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Protesters In Atlanta: Who They Are And What They Want


And I'm Mary Louise Kelly in Atlanta, specifically at Centennial Olympic Park, which was built in 1996, when Atlanta hosted the Olympics, built to be a central gathering place for the city, a showcase to the world. Usually, on a pretty June day like this, we'd be looking out at these green lawns, and people would be sprawled out, picnicking, playing in the fountain of Olympic rings. Today the gates are locked. Steel barricades are up. I'm looking, and there's National Guard spread out in a perimeter around the park with helmets and shields because this is pretty much ground zero of the protests that have roiled Atlanta now for five days running. We are here because we've arranged to meet Mary Hooks. She's a social justice activist here in Atlanta. She was a founding member of Black Lives Matter Atlanta.

Hey there. Thanks for meeting us.

MARY HOOKS: Thank you. Thank you for having me.

KELLY: When we walked up, we just spotted you, and you were yelling something at the National Guard. Tell me what's on your mind.

HOOKS: Yeah, the G.I. Joes who are standing in formation right now, I was shouting to them. I said, did you sign up for this? Many of you have come out of communities that have been terrorized by police, and now you're here tear gassing, barricading protesters in here last night. Is that what you signed up for?

KELLY: Talk to me about - I am struck. It's communities of color, people of color who have been obviously disproportionately hurt by police brutality, also by the coronavirus pandemic. And here we are in this moment where you feel the need to be out in the streets protesting, coming together, raising your voice. And it's dangerous to do so on both those fronts. How are you thinking about that as you organize?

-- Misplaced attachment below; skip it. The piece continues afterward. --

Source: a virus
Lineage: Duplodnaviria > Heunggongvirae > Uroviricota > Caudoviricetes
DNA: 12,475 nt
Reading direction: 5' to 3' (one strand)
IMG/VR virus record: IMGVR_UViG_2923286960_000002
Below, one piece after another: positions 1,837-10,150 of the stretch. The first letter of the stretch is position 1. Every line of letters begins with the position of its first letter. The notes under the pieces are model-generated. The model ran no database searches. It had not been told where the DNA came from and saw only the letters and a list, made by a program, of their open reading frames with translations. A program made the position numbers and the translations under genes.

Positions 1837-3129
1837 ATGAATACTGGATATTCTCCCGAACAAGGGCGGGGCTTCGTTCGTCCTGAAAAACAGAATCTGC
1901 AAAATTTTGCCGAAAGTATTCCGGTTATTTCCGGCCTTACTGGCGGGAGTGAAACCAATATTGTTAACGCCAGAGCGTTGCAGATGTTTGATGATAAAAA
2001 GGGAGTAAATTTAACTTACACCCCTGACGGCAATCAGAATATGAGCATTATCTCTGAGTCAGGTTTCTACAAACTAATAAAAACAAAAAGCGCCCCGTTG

HOOKS: I think that that is the complicated life of what it means to be black in this country. We don't live single-issue lives when it comes to the systems of oppression that are impacting our lives daily. But we do what must be done. And so we - you know, harm reduction - how can we keep people safe? You know, make sure folks have PPE. And at the same time, it is imperative that we be present for what is happening right now.

KELLY: How does this end, by which I mean what would need to happen for you to feel like you've achieved what you came out to do?

HOOKS: That we see a defunding of the police period. That means repair for harms that the war on drugs and the war on black people that has happened. So that looks like a concrete reparations plan. That looks like investing in black communities and underserved communities, and those communities have the power to actually determine what that support looks like.

KELLY: I'm listening to you, and you've been raising your voice on this stuff for years. Does it feel like we're at a moment where people are listening, where you're being heard in a way that you weren't a month ago, a year ago?

HOOKS: Oh, yeah. I think that, you know, in times like this - and for most people that I encounter who enter Movement at very particular times, it is usually a black body, a natural disaster where we see black people being impacted. There is something that sparks in a person, and their eyes become open. And so part of the role of organizers like myself and the other thousands is to continue to beat the drum when we think no one's listening because they're always planting seeds for resistance, planting seeds for hope, planting seeds for longing and desire for another world and for people to become a part of it.

KELLY: It's interesting. Listening to you, you sound - in the middle of everything going on in this country, you sound hopeful.

HOOKS: Oh, yes. I woke up this morning with my mind on freedom every day. I'm not in a feeling of despair. Our movement, the Movement for Black Lives, is in a stronger position than it was years ago because that's been years of relationship and work. And so I'm hopeful for all the folks that are out here. Sure, not everyone's going to join an organization, start an organization and make a lifelong commitment. But many in this moment are doing the best they can with what they have, and so that brings me a lot of hope. That brings me a lot of hope.

KELLY: Mary Hooks, thank you.

HOOKS: Thank you so much.

KELLY: Mary Hooks - she is a social justice activist. She co-directs the organization Southerners on New Ground, which helps advance LGBTQ and civil rights. Thank you very much.

HOOKS: All right. Y'all be safe out here.

KELLY: You, too; be safe. Transcript provided by NPR, Copyright NPR.

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